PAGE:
Robert George makes an interesting observation this week over at Mirror of Justice: http://mirrorofjustice.blogs.com/mirrorofjustice/2012/01/which-side-are-you-on-boys-which-side-are-you-on.html. He notes that it is 'Catholic politicians---mostly Democrats---who are leading the charge to abolish the conjugal understanding of marriage as a one-flesh union of sexually complementary spouses and replace it with a revisionist understanding of marriage as a romantic-sexual domestic partnership.'
Robby finds that this reveals something significant - namely, that 'the philosophical tradition that shapes the reasoning and actions of these people is expressive individualism, or what is sometimes called "life-style liberalism"; it is not Catholicism, or the Judaeo-Christian ethic, or the natural law tradition. Whatever is to be said for and against that tradition,' Robby continues, 'it is deeply alien (and hostile) to the Catholic tradition's commitments to the sanctity of human life in all stages and conditions and the dignity of marriage as a conjugal partnership.'
I've a good deal of sympathy with Robby's concerns. And I've no doubt that he is right about at least some Catholic politicians, in surmising that their views and voting behavior might be shaped and guided by some form of expressive individualism. I've also little doubt that some forms of the latter are, at a minimum, in tension with the Catholic and natural law traditions, as well as with some widely accepted understandings of the Jewish and Christian, not to mention Islamic, ethical traditions. I wonder, though, whether a somewhat more charitable interpretation - in a 'giving the benefit of interpretive doubt' understanding of 'charity' here - might not be available to us in the case of some Catholic or otherwise religiously committed government officials.
What I have in mind is this: Perhaps some religiously committed political figures attempt in good faith, how ever successfully or otherwise as an analytic or conceptual matter, to draw a sharp distinction between matters of church (or temple or mosque or ...) on the one hand, and matters of state on the other hand. (Perhaps they've not read, or not read and yet found persuasive, the 'communitarian' literature challenging the distinction.) Marriage these people might in turn find to constitute a strictly sacramental or ecclesial category, while finding something like 'domestic partnership' to constitute all that there is by way of analogue in the realm of state categories.
These people might then also firmly subscribe and commit to, and with sincere hearts defend and act in accordance with, their congregations' understandings of marriage, while at the same time believing that state functionaries would be abusing state office were they to employ identical criteria in framing the conditions of domestic partnership as they do in framing the conditions of marriage within their ecclesial traditions. One such criterion that they might then in good faith find legitimate in the first case but not in the second case might be the genders of the would-be spouses or partners. So far as legitimate state interests are concerned, they might reason, dyadic partnership is what deserves state recognition and favor of various sorts, while sameness of flesh, sexual complementarity, and like matters of profound metaphysical significance are matters of ecclesial but not state competence.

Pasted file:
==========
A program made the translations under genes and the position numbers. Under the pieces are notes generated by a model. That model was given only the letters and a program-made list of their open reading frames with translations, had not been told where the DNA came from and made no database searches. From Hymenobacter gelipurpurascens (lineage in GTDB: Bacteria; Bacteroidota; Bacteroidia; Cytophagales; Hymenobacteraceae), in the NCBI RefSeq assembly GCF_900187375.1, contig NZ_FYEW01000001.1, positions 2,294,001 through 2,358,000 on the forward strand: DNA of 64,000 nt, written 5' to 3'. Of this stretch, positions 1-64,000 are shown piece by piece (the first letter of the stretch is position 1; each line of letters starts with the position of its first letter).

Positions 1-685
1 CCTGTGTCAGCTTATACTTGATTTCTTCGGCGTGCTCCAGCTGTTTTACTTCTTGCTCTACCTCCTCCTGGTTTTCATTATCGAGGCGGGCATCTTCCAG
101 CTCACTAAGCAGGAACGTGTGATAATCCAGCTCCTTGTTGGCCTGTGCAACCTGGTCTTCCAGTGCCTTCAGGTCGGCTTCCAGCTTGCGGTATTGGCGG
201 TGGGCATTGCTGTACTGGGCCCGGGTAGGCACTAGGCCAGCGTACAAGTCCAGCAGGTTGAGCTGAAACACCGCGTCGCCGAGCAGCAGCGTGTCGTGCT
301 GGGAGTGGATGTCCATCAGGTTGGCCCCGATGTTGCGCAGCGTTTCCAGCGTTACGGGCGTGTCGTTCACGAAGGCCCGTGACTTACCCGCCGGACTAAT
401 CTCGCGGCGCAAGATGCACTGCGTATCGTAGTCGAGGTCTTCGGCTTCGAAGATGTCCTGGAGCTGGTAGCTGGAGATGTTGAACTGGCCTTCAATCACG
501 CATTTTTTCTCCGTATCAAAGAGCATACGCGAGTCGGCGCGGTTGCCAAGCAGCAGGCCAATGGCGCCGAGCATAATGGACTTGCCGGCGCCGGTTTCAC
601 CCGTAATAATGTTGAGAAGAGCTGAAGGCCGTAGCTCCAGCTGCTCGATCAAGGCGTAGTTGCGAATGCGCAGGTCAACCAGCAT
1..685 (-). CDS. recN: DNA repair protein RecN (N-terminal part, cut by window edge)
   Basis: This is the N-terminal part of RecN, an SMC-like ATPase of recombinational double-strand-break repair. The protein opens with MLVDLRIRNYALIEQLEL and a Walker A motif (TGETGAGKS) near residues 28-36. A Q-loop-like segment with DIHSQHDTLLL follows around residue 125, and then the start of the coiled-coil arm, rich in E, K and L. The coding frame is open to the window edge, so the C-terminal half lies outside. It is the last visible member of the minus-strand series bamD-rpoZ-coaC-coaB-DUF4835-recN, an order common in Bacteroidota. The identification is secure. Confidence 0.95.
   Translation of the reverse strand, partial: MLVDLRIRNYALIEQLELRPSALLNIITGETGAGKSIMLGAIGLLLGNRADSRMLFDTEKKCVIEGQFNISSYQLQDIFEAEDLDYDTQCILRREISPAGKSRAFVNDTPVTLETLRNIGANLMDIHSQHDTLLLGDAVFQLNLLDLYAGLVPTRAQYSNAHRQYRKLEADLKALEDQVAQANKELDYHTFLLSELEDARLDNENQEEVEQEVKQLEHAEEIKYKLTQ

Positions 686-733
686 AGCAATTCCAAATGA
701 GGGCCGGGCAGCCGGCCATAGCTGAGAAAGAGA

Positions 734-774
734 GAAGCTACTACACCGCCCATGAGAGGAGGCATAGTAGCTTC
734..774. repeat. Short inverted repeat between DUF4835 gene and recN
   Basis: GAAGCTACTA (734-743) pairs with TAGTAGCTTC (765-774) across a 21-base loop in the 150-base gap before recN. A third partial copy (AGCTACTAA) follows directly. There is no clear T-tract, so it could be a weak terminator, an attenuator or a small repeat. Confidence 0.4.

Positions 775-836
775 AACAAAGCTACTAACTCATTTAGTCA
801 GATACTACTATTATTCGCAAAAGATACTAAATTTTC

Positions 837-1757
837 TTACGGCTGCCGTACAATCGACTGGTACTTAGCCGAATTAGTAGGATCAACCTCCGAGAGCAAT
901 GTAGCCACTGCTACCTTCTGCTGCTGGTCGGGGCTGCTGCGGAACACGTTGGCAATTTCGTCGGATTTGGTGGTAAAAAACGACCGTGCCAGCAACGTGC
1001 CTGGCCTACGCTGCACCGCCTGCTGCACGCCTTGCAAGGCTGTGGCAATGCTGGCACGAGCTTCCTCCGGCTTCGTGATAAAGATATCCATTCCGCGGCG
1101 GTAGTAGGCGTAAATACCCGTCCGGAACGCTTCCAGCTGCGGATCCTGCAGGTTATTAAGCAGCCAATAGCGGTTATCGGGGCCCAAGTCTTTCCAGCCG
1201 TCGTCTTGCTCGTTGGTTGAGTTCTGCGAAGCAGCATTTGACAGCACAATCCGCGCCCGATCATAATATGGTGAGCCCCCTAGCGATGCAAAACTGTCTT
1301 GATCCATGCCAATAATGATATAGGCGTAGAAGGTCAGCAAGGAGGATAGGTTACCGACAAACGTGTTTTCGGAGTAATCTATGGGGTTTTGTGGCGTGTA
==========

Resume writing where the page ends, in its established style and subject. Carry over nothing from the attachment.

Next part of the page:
It is true, of course, that the word 'marriage' is used, at least in the U.S., in respect of both of the categories I mention - ecclesial and state. In that sense, our legal terminology perhaps regrettably conflates the two categories. It seems to me, however, that a, say, Catholic legislator might prefer globally to change the legal terminology where state-recognized domestic partnership is concerned, while at the same time being willing, until some such thing happens, to approve legislation that ends the state's making what amount to ecclesial decisions concerning the substantive criteria upon which state-recognized and -encouraged dyadic domestic partnership is to be determined.
Assuming that the charitable interpretation of at least some tradition-faithful state functionaries' decisions and actions in respect of 'same sex unions' here offered is plausible, it should go without saying that it does not carry over, at least absent further elaboration and argumentation, to the case of such functionaries' decisions or actions in respect of abortion. For that latter, of course, involves not only two acting partners of one sort or another, but innocent third parties as well - or at the very least critically implicates precisely that fateful question.